There are  4-5 steps down to an area the size of a rug and steps up to a utility area  and then another door a little hall/ lobby that is about 7’ square. The rooms go off from that. I like that. 

I like that it has its own front door, because  communal areas can be very messy.

There is a small kitchen. It’s nice enough – but there is no chance of an island unit. 

I do not like the bathroom, but the  living room is big. It’s nearly 19’ by 16’. It’s a lovely room.

The garden is absolutely lovely and I have direct access. From the kitchen backdoor there are steps up and the flat above has stairs down. It’s not private, but it’s a lot more private than some of the shared areas I had seen.  

Standing in the hall you see the bathroom, the kitchen.. and the really lovely living room. To the left there is a little walk into the main bedroom, which is a decent size. It will get the sun in the morning because it is east facing.

There is a small double bedroom and a small  room they called a ‘study’ because it doesn’t have  any natural light.

rooftop view of old house at sunset - before moving

The process of moving and consciously uncoupling from the house …. I’ve had to  work on that. 

I have a very nice neighbour in this street and I think the world of her. Although I’m only moving 3 streets away… it’s different.

The thing is:  you create a home; I created this home. I will create another home and people will love being there.  So I have to  re-focus  slightly.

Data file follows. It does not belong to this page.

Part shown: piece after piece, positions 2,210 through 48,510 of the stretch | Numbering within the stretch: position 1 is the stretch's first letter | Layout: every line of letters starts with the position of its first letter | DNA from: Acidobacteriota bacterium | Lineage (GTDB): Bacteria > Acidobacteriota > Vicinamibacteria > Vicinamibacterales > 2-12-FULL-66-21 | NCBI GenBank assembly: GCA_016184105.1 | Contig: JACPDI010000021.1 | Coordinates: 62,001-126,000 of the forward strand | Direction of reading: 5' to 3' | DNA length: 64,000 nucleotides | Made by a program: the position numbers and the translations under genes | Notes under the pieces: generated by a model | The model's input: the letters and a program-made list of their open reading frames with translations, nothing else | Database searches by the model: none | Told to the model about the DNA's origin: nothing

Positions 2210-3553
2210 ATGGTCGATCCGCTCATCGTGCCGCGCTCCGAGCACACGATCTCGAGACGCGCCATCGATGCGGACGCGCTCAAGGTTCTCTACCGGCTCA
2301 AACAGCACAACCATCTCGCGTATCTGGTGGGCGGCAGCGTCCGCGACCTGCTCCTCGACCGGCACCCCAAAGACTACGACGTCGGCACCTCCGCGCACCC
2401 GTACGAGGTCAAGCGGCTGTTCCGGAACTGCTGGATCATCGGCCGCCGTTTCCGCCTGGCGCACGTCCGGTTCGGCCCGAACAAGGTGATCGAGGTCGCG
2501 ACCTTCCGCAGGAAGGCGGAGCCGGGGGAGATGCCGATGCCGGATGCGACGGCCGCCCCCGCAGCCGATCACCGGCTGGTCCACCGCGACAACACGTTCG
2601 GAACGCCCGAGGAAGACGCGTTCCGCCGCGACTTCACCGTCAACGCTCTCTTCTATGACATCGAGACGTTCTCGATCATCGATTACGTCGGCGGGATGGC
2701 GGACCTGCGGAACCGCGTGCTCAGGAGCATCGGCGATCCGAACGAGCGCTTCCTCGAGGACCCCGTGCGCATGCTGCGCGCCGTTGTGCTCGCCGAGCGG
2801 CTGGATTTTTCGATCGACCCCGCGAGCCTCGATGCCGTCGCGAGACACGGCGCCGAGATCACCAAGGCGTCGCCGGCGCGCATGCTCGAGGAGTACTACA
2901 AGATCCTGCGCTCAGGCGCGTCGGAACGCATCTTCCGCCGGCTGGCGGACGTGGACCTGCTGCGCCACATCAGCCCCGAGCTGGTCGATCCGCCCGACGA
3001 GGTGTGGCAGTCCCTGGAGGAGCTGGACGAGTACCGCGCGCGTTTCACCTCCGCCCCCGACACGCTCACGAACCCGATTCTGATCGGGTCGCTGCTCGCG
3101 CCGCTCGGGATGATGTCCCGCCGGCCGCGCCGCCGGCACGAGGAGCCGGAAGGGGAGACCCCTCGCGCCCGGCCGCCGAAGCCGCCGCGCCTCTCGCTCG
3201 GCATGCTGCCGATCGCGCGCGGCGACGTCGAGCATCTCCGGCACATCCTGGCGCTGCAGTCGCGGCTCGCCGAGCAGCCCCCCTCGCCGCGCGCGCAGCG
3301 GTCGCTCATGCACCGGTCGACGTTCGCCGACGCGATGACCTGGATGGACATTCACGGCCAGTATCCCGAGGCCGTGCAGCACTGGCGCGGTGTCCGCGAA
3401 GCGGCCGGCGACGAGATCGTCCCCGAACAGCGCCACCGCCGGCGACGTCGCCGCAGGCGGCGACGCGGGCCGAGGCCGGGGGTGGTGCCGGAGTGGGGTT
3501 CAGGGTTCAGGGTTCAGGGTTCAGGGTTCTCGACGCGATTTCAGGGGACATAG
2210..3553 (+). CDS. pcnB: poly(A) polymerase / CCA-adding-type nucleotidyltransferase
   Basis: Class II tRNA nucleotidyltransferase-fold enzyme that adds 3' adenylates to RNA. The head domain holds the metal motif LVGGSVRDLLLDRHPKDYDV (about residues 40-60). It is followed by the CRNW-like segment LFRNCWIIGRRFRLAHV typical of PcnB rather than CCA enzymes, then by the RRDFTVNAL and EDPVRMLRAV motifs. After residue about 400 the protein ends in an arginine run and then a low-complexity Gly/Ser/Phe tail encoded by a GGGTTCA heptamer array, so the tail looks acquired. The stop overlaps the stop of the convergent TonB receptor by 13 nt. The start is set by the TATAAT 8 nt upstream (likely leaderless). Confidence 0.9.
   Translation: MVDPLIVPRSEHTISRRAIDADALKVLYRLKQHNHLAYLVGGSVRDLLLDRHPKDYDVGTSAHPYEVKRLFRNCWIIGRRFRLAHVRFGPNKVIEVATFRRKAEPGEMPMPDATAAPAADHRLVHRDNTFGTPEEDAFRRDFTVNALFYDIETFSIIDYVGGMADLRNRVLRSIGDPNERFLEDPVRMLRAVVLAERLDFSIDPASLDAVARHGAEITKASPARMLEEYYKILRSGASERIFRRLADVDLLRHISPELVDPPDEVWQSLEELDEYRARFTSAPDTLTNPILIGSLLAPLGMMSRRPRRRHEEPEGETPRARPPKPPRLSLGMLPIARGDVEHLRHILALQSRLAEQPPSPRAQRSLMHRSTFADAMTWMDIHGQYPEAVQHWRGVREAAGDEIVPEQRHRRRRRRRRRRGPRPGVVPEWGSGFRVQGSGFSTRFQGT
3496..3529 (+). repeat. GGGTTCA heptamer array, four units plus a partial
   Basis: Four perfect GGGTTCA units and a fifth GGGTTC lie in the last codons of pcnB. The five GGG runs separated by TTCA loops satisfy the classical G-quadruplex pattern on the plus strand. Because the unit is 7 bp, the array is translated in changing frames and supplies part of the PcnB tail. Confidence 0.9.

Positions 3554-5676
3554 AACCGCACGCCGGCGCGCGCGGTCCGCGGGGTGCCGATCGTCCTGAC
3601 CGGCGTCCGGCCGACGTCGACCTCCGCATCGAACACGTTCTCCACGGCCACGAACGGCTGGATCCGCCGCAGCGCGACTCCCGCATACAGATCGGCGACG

Managing emotions when moving house is important.  I am doing all this by myself  and it has been sooo… stressful.   

There are practicalities to consider.

Because I am going from a five-bedroomed house to a  two and a half bedroom  flat  (and a very small kitchen) I have had to  rationalise.  I have done a  massive sift and chuck out but when I unpack  I will come across stuff I don’t need. It’s an organic process.

I have chucked out a lot of stuff –  a lot of it has gone to charity shops.

All the precious  Hungarian pottery that I schlepped back, and  barely used.. some of that has gone. Anything with chips in it I am going to chuck out. 

A lot of my bedding and crockery I gave to my sister because she has a big family. Her kids can use it. Because I will have 2 beds and a sofa bed  – as opposed to 4 beds and a sofa bed I don’t need 6 duvets.

plant on kitchen table

I had to be quite ruthless.  

Sifting through letters took a long time.  Cards that I had from work colleagues thirty years ago… I can’t remember who half the people are! 

My father died in Ireland in the house where he was born. When my sister and I cleared out the house we found letters he had sent when he was seven. Those letters had been kept all those years and I cannot throw them out.  

That’s when I started saving cards. It was nice to have  30th, 40th birthday cards. My nieces and  nephews can throw them out when I’m dead.  I can’t! 

I went through a huge box of photographs. How often do you look at them?  Not so much.

Actually, I didn’t chuck that many family photos out.

There’s only maybe 2 or 3  with the whole family ( because one of us would have been taking the photo). I have 2-3 boxes of photos from my mum. I can’t throw them out. It’s too much